Rapid Cognitive TherapyReview - Rapid Cognitive Therapy
The Professional Therapist's Guide to Rapid Change Work, Volume I
by Georges Phillips and Terence Watts
Crown House Publishing, UK, 1999
Review by Natalie Simpson
Nov 5th 1999 (Volume 3, Issue 44)

"Rapid Cognitive Therapy" is a practical guide for analytically-oriented therapists who want to help clients make the changes they need as quickly as possible; typically in no more than eight sessions. It sticks single-mindedly to its purpose without being lured into unnecessary theoretical discussions, and the result is a straightforwardly presented, clearly written handbook of strong relevance to any therapists who make use of hypnosis and analytical techniques in their work. It is not an introduction to therapy, so a basic training in analysis and hypnosis is required to get the most out of the book.

Analytical therapy often involves the recovery of repressed memories, which is well known to be a controversial issue. Studies have shown that it is quite possible, in an everyday context, to persuade people that something happened to them when in fact, it did not. The client in therapy is in a highly suggestible state, and is very willing to absorb any ideas that the therapist might have, whether the therapist deliberately presents his views to the client or not. It is therefore essential that the therapist refrains from using leading questions or prompts. This is carefully explained and discussed with the help of examples and a case study. The client in the study says, "I'm in the shed playing with Daddy's stick. Daddy likes me playing with his stick." The therapist keeps to neutral questions, not betraying a reaction, even when the client complains that "Daddy gets cross if I don't hold it in a special way," and "it's just too hard." It turns out that, in the vocabulary of a four year old, Daddy's stick is a cricket bat. The importance of not allowing the therapist's prior beliefs to influence the client is also more subtly reinforced throughout the book by the wide variety of repressions released by clients in the case studies - there are only two examples of a repression of sexual abuse.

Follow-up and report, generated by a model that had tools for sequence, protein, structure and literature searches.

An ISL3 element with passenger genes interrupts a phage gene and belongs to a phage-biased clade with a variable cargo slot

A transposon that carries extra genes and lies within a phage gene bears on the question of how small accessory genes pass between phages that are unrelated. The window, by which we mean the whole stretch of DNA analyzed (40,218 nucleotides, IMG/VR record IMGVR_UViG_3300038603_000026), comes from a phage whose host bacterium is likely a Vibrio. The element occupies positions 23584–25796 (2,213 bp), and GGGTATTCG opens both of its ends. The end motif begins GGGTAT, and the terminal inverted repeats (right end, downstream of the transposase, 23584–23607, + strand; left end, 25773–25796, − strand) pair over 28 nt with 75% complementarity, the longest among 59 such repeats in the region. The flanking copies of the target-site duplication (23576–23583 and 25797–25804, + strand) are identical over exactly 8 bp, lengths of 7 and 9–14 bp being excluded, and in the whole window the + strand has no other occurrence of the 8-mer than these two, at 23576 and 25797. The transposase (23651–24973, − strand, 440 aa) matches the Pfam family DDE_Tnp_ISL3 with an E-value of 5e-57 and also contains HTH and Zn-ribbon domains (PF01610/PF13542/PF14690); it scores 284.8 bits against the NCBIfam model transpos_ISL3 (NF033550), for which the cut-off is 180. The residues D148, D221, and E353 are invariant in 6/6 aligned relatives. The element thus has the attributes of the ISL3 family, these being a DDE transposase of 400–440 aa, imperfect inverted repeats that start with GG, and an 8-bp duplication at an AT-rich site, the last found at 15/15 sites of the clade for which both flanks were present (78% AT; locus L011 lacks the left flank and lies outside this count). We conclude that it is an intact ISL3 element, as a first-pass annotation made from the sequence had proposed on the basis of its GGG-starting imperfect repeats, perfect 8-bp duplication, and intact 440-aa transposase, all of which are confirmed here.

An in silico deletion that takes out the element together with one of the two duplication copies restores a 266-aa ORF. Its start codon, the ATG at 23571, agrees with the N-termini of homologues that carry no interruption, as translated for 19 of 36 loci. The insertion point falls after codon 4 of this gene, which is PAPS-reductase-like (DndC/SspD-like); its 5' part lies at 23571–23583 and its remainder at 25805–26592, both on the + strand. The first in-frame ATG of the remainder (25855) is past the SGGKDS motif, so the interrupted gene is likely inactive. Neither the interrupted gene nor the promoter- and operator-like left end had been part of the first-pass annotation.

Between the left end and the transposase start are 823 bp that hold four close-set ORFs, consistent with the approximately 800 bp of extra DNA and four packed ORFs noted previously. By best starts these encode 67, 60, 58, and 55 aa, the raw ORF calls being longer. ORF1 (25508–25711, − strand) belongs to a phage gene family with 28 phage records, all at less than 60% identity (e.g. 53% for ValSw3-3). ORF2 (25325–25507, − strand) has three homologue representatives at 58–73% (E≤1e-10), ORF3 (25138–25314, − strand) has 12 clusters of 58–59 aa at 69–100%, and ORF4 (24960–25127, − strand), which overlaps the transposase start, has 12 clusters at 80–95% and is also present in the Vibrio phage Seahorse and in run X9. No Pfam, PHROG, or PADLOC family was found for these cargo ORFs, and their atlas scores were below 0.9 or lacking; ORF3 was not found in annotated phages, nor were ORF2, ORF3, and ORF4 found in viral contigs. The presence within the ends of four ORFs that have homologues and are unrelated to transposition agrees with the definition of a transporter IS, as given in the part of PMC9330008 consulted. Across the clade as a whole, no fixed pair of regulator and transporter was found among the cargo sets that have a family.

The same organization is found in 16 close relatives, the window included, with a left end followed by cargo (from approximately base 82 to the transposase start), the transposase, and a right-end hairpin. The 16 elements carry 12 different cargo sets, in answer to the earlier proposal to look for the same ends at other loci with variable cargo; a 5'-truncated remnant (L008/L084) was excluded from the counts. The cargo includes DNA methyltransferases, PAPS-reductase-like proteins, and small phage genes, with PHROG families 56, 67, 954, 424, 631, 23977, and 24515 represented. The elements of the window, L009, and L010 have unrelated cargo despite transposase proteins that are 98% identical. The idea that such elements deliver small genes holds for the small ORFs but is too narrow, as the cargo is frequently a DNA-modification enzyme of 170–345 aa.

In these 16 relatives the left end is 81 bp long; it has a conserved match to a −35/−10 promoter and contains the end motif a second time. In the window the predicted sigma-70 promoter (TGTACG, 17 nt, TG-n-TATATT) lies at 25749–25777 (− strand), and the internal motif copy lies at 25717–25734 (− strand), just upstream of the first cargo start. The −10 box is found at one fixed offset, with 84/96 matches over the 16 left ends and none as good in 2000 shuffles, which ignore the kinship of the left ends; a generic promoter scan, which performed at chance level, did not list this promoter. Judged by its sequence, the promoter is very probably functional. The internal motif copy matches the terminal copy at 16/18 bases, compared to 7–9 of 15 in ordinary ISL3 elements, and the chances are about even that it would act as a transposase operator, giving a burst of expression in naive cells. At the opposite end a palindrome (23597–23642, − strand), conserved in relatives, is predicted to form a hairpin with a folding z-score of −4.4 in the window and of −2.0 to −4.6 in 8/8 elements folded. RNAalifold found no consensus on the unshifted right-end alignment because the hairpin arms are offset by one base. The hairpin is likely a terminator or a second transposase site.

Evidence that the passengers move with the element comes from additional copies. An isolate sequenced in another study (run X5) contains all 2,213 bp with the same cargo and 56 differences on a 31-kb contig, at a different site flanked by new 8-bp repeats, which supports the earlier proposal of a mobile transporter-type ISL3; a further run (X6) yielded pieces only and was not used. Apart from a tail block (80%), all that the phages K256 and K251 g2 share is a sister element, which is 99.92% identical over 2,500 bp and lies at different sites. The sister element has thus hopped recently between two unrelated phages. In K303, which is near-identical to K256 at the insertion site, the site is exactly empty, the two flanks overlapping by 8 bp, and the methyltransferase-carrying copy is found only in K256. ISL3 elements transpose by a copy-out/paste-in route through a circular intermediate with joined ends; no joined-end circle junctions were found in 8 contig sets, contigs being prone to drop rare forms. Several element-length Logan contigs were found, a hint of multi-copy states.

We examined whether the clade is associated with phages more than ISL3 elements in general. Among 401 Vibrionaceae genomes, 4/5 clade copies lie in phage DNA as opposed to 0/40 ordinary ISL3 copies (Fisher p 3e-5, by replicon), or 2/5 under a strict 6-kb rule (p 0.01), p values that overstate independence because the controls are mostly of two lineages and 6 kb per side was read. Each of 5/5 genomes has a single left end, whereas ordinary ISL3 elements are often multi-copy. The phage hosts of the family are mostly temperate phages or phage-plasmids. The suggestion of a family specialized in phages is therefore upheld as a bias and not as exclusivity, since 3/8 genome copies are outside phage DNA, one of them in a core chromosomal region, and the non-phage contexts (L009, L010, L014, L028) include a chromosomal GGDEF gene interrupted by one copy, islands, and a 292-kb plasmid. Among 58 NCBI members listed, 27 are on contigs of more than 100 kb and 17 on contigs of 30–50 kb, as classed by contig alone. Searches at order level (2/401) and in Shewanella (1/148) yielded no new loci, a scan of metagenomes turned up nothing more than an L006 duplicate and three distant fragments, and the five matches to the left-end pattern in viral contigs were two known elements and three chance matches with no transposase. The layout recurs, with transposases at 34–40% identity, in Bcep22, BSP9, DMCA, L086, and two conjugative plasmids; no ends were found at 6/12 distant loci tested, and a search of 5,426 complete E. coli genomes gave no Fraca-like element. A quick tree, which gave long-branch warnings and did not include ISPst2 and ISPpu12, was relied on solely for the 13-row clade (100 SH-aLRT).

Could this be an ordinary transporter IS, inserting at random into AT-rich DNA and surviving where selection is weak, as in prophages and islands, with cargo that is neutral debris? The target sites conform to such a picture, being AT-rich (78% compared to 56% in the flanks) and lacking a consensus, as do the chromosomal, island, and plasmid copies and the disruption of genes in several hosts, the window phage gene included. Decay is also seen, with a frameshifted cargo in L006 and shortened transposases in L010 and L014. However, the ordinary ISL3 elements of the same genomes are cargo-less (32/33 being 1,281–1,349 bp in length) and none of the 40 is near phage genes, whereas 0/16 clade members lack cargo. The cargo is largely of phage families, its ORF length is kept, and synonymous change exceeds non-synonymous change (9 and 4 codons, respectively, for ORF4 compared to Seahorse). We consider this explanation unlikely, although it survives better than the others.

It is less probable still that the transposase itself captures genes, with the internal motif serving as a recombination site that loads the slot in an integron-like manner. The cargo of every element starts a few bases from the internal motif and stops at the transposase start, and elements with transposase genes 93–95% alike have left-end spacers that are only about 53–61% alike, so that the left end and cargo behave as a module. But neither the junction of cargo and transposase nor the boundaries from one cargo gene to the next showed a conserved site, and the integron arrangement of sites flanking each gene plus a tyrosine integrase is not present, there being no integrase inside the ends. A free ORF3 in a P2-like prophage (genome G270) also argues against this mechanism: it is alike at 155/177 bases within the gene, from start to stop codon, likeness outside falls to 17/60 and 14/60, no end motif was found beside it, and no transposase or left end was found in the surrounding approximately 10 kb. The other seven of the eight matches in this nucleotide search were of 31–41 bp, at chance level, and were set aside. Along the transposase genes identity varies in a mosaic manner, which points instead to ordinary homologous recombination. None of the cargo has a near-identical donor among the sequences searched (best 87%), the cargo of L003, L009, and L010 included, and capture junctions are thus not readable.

The book is divided into five parts, including a substantial section on non-analytical therapy. Despite its name, however, the non-analytical section appears to me to be predominantly analytical; that is, the aim is usually to find, in the client's past, the unconscious reason for the client's present day problems. For example, a technique called "A Day in a Life" is used to elucidate the fact that the client thinks his life is lonely and boring. Since the client works alone in a routine job, lives alone, and has no social life or hobbies, this verdict appears to be fair and accurate. The chapter ends, "The client has just told you exactly what he needs to resolve. You could begin now to use free association with the themes of 'a lonely time' or 'a boring time'" (p. 145). While this is a correct approach for an analytical therapist, it would leave a behaviorist shaking his head in disbelief! Similarly, the chapter "Symbolic Removal of Symptoms" is focused on the need to find the cause of the symptoms - it is "best described as the removal of symptoms to make way for the revelation of the cause" (p 159, original italics).

On the other hand, "Table Top Therapy", where the client is invited to experience and understand his internal conflicts by representing them as different people sitting around a table having a heated discussion, is more concerned with the present, and is designed for logical clients who are looking for a way to change undesirable behavior. Interestingly, I thought that the chapter that took the strongest behaviorist approach was "Ancestral Archetypes and Modeling", even though the technique requires the client's mind to go back the furthest in time - to ten thousand years ago. The chapter describes types of tribal behavior and their relevance to survival, and relates them to the resources and characteristics that are present in each of us. The client is encouraged to create a vivid mental image of the ancestral archetype that will help her most, so she can call upon that picture to help her access the resources she needs to cope with the troublesome situation.